Two months ago, Opposition Leader Mia Mottley raised the alarm over the South Coast Sewerage system, saying the situation was nothing short of a crisis which posed a serious threat to the health of workers and residents in that area.
Now, Government Minister Dr David Estwick is warning of an equally dangerous situation along this island’s west coast, which he says, if left untreated, could also erode the vital tourism industry, as well as endanger the livelihood of scores of fisherfolk.
As is the case in the south, the problem on the west coast is one of untreated domestic, commercial and industrial waste reaching the sea.
And Estwick is worried that it could jeopardize the beaches and coral reefs, which have made the area “golden” for tourists and locals alike.
He is therefore preparing to take the matter before Cabinet tomorrow with a view to getting the Ministry of Finance to give the urgent go-ahead to the Barbados Water Authority (BWA) to secure a loan of $600 million from the People’s Republic of China and the Industrial and Commercial Bank of China Limited for the West Coast Sewage Project.
“I am hoping that at the next Cabinet meeting I can provide the information required and we should be able to start the West Coast Sewage Project sometime within the first six months of next year, as long as we have covered the regulatory requirements for Town Planning, EPD [Environmental Protection Department] and so on,” Dr Estwick told Barbados TODAY.
Emphasizing the critical importance of getting the project started, he referred to a recent study conducted on behalf of the Coastal Zone Management Unit (CZMU) by marine biologist Angelique Brathwaite.
He said the study shows that “the situation regarding the island’s coral reefs is now dire and all sectors need to come together to save them”.
As a result, Estwick said Prime Minister Freundel Stuart has already included the West Coast Sewage Project as a top priority for Chinese funding.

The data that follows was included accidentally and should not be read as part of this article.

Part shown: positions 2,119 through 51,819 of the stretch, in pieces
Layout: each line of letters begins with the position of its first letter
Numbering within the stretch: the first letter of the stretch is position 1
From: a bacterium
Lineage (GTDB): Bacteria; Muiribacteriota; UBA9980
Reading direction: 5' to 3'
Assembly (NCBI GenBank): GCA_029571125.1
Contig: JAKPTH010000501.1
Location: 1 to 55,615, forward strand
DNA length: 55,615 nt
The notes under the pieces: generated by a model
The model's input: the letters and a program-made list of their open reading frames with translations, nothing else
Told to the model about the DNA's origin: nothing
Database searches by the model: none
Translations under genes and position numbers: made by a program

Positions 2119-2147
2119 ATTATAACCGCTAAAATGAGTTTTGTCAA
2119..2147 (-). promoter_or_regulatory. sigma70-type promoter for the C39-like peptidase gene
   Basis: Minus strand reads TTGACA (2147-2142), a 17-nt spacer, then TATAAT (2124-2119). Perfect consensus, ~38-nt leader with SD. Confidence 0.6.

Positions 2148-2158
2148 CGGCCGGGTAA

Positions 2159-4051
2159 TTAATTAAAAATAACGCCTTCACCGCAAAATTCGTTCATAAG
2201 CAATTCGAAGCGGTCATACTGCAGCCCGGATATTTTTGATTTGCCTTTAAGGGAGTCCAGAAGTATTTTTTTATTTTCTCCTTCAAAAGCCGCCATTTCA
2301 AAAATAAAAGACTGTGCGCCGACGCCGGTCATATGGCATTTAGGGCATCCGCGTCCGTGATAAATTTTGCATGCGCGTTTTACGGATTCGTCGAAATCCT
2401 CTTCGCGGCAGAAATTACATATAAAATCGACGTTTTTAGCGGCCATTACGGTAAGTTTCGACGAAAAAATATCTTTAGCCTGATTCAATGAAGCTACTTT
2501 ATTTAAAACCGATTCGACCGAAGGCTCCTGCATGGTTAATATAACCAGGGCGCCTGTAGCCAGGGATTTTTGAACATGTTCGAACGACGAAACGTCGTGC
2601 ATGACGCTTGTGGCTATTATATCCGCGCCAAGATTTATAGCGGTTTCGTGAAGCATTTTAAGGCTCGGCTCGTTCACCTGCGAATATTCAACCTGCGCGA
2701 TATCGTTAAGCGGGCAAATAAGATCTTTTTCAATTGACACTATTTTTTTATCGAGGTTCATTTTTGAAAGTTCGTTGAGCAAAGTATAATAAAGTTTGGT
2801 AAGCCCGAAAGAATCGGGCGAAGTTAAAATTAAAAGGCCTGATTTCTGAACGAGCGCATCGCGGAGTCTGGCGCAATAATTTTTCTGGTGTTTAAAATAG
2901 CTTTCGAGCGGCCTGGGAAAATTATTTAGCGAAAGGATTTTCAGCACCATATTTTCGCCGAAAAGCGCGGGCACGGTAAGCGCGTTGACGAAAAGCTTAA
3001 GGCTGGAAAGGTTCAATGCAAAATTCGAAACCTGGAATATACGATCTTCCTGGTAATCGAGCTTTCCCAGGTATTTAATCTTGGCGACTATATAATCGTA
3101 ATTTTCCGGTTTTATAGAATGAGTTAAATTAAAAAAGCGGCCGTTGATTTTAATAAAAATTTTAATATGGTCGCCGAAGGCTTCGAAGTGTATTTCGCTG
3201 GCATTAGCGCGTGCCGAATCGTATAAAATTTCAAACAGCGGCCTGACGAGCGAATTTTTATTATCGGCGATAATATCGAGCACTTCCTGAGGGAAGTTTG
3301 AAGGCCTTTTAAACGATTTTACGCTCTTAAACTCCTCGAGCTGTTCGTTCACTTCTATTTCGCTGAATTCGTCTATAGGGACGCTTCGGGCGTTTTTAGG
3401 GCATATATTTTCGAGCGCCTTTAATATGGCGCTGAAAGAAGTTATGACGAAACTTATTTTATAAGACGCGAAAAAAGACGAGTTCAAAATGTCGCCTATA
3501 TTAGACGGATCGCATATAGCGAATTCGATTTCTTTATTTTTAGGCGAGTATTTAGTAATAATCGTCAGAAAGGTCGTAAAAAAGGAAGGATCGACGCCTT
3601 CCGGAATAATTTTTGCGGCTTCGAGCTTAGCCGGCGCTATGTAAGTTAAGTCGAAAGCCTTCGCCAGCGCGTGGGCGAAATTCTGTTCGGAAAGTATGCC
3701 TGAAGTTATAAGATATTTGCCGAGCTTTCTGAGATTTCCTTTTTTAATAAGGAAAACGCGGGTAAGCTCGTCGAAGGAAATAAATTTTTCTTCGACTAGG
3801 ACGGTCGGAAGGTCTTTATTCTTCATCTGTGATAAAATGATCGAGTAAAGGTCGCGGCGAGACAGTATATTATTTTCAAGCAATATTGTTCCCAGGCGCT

“The damage to the reef systems is coming about because of man-made insults like agriculrtural run-offs, pesticides, fertilizer etcetera, as well as agricultural waste . . . and then you are also talking about human waste,” said Estwick, who also explained that apart from those hotels which had a sewage treatment facility, “you are talking about pits and septic tanks for pits and all that sewage essentially going into the ocean causing severe damage to the coral systems”.
The primary objective of the proposed sewage project is therefore to reduce public health risks from domestic, commercial and waste water pollution, through the provision of a modern sewerage system, and to improve environmental conditions for residents and visitors.
It also aims to protect the coastal and marine ecosystems, particularly the reef system and its role in containing beach erosion.
Estwick disclosed that phase one of the project – costing $300 million – would see the decommissioning of the existing treatment plant and the construction of a sewerage treatment facility at Lakes Folly, Bridgetown, as well as collection systems from Porters, St James to the new Lakes Folly facility and upgrade of the Greater Bridgetown Collection System.
Phase two, which Dr Estwick said would cost another $300 million, would establish a tertiary treatment facility at Porters and collection systems from Shermans, St Peter to the tertiary plant at Porters, St James.
An upgrade of the South Coast Sewerage plant from a primary to a tertiary system is also in the works, which would allow it to treat waste.
The Minister said a bypass or link road will also be constructed to allow west coast residents access to their homes during the contruction phase.